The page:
The Hitch Post

And the survey says. . .

Julie Ritchie has been conducting market research at Penton (the company that publishes H&P) for more than 20 years. As is typical of the “old-time” Penton people, Julie takes pride in her work and absolutely will not sacrifice credibility.
Julie sent me a copy of a readership survey, which was e-mailed at random to 10,000 subscribers — about 1/5th of our total. It looks like a very accurate survey because the results mirror the facts.
One fact is that of our total of 51,021 qualified subscribers, 6478, or 12.7%, receive the digital version of H&P. In Julie’s survey, 14% indicated that they receive the digital version. That’s not exact, but it’s pretty close, and probably excellent results for a random sample survey.
As with most surveys, this one consisted mainly of multiple choice questions. This makes it easy to tabulate results and post them into charts and graphs. But what I really like about Julie’s surveys is that she gives participants an opportunity to enter comments in their own words.
Question #3 of the survey asked readers why they prefer to receive the magazine in the format they do — print or digital. The top three responses among print subscribers were that it’s easier to read, it can be read any time, and it’s easier to carry, in that order.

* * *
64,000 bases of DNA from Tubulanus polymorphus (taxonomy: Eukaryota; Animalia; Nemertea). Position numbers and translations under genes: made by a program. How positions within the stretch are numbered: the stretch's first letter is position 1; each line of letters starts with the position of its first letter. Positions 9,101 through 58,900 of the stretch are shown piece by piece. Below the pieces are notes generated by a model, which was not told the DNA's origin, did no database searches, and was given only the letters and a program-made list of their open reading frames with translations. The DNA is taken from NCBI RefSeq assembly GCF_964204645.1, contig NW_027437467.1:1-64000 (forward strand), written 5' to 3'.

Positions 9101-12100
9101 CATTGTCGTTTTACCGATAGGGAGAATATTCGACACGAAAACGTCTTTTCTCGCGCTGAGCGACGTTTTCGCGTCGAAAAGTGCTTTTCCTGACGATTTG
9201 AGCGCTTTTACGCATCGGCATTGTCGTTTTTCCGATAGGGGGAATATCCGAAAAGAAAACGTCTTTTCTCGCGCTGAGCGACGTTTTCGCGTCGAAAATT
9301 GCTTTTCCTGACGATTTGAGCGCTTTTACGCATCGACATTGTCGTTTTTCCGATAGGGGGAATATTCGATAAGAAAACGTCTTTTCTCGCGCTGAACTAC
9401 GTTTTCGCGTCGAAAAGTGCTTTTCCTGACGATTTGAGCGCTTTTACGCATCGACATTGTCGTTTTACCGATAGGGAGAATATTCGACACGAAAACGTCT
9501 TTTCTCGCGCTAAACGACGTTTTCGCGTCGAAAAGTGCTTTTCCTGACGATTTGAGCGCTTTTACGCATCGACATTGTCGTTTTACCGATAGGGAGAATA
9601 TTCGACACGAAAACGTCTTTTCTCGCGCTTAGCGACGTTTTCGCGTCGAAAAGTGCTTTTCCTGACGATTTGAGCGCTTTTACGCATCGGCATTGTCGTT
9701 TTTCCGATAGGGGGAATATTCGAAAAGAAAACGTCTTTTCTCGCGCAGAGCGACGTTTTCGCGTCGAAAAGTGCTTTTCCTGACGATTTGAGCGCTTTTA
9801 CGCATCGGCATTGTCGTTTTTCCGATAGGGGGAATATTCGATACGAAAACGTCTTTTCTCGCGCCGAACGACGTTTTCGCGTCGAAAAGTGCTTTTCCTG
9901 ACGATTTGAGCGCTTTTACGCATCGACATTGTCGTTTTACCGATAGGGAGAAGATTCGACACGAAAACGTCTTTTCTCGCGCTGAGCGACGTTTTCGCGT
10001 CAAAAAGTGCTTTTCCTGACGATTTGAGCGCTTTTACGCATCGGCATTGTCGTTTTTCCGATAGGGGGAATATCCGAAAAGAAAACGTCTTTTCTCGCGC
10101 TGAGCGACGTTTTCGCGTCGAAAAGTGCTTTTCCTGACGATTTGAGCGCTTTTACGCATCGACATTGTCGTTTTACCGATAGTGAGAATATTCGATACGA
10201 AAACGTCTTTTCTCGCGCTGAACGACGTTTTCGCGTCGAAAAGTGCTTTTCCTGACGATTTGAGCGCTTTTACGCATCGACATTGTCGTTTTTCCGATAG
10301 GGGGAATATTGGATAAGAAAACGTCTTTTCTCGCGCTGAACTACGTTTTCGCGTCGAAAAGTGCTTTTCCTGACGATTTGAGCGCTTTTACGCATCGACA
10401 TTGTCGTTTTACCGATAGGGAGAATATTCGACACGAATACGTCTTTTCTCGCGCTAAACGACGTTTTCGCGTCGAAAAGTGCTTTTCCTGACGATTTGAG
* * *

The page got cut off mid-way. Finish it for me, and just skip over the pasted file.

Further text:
But I was surprised at the #1 answer among those receiving the magazine through their computer: it’s environmentally friendly. Now this is purely speculation, but I presume that the average age of these readers is less than the average age of readers who receive the magazine in print. If this is true, then you could conclude that the younger readers are more likely to conserve paper than the older ones are.
If this is true, then techniques for designing more environmentally friendly fluid power systems must be of keen interest to these younger readers, and I suspect it is. But this is nothing new. We’ve stepped up our coverage relating fluid power systems to the environment for years.
This survey was conducted primarily for demographics, to learn the information-gathering habits of the “typical” reader. But Julie also conducts surveys to find out what type of information readers are looking for — what they like, don’t like, what they’d like to see more of, etc. So when the time comes for that kind of survey, I’ll be eager to see if environmental issues are among the top interests of readers.